Talcum Powder Based Products Being Discontinued
The examples above are just a few of the headlines you can find around the internet involving the latest Talcum Powder lawsuit. What is it all about? Well, in October of 2019, Johnson & Johnson voluntarily recalled over 33,000 bottles of baby powder after the Food and Drug Administration ( FDA ) announced they discovered evidence of chrysotile asbestos in a bottle purchased from an online retailer.
What is Talcum Powder?
Talcum powder is made from talc; a mineral composed of hydrated magnesium silicate that is mined from rock deposits. It’s been said that ancient Assyrians, Egyptians, and Native Americans have all used talc for a variety of purposes. As a crushed powder, it can prevent caking, absorb moisture, create lubrication, keep skin dry and prevent rashes. Talcum powder is a common ingredient in cosmetics, makeup, deodorant, and paint. It can also be found in blushes, eye shadows, foundations, face powders and industrial products. Besides being made for babies, adult women have been using baby powder products containing talc on their perineum (the area between the anus and genitals) to prevent chafing between the legs.
Talcum Powder and the link to Ovarian Cancer
While talc is generally considered safe, some studies link the fine powder to certain health problems. Talc, in its natural form, can be contaminated by asbestos during the mining processes. Many have suggested that talcum powder (contaminated with asbestos) might cause ovarian cancer if the powder particles were to travel through the vagina, uterus, and fallopian tubes to the ovaries. According to the New York Times, asbestos was first linked to ovarian cancer back in 1958.
Although prospective cohort case studies have generally not found a significant increase in ovarian cancer risk, some have suggested possible increased risks in certain groups of women with healthy reproductive tracts. A big issue with studying Talc’s link to ovarian cancer is due to the cancer not being very common. Because of this, according to American Cancer Society, “ even the largest studies done so far might not have been big enough to detect a very small increase in risk, if it exists. Until more information is available, people concerned about using talcum powder may want to avoid or limit their use of consumer products that contain it.”
These safety concerns, along with customer complaints, have led to a rise in talcum powder lawsuits with manufacturers like Johnson & Johnson.
After the recall was initiated in 2019, Johnson & Johnson began an internal investigation. At the early stages of the investigation, they:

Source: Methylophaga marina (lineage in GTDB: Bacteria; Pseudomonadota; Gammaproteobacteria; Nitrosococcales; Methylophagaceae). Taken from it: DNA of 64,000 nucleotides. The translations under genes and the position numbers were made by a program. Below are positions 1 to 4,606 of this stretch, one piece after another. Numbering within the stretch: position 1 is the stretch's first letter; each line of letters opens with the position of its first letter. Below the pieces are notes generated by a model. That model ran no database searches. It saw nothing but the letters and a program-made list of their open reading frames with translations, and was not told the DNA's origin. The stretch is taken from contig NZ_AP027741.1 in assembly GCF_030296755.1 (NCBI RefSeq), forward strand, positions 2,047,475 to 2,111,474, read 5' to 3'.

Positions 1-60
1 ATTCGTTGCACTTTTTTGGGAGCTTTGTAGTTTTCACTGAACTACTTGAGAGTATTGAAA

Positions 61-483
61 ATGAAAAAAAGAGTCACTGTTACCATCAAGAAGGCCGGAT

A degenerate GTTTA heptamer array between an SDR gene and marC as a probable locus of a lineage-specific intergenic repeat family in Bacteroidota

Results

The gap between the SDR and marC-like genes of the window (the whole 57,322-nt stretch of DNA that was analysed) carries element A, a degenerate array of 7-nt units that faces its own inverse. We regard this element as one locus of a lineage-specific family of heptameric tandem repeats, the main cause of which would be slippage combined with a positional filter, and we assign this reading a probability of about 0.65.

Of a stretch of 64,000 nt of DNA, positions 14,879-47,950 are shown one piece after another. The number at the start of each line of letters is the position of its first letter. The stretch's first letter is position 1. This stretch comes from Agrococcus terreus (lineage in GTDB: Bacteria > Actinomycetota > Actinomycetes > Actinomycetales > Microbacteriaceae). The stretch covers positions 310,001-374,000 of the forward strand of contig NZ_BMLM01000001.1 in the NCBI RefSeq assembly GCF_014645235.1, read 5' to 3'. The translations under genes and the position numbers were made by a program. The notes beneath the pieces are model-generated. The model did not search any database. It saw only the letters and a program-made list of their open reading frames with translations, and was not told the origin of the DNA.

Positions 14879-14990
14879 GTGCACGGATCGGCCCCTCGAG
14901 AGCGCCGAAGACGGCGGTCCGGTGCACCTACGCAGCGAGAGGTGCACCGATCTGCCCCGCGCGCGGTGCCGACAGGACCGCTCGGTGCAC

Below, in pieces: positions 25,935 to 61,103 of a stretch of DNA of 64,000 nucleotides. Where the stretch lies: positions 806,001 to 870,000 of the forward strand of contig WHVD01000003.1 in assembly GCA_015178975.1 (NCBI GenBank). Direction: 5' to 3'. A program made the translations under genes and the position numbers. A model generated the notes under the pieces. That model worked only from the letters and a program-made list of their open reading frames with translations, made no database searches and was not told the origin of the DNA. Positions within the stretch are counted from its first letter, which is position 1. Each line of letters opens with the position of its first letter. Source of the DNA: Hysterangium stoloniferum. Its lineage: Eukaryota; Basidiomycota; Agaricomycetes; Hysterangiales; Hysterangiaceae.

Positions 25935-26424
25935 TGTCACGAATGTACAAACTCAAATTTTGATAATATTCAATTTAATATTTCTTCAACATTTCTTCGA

- Could not determine if the alleged contamination caused a false positive.
- Could not determine whether the sample was taken from a bottle with an intact seal or was prepared in a controlled environment.
- Could not determine whether the tested product was authentic or a counterfeit.
According to marketline.com, “ [in March of 2020] the company faced almost 20,000 lawsuits related to talc body powders.” Ironically, in May of 2020, Johnson & Johnson decided to discontinue the sale of talc-based baby powder products in the U.S. and Canada. Apparently, this decision was due to “declining demand and litigation advertising.” They did not, however, cancel the sale of talc products internationally.
Although they have not admitted any fault, in June 2020, an appellate court in Missouri upheld more than $2 billion in damages against Johnson & Johnson, saying the company knew there was asbestos in its baby powder. Even the prominent civil rights attorney Ben Crump filed a lawsuit against the company due it’s effects on black women.
“We empathize with anyone suffering from cancer and understand that people are looking for answers. We believe those answers can be better understood through science — and decades of independent scientific testing by medical experts around the world has confirmed that our products are safe, do not contain asbestos, and do not cause cancer,” Johnson & Johnson told ABC News in a statement. “We firmly stand behind the safety of our product and the ways in which we communicate with our customers.”
In June of 2021, the Supreme Court declined to hear the company’s appeal of the Missouri verdict. After years of on-going litigation, there are still countless more lawsuits being filed against Johnson & Johnson. Like the CPAP lawsuit mentioned in a previous blog, cases like this would be concerned a product liability case. Those who feel they may have been a victim of talcum powder products should consult an attorney regarding their legal options.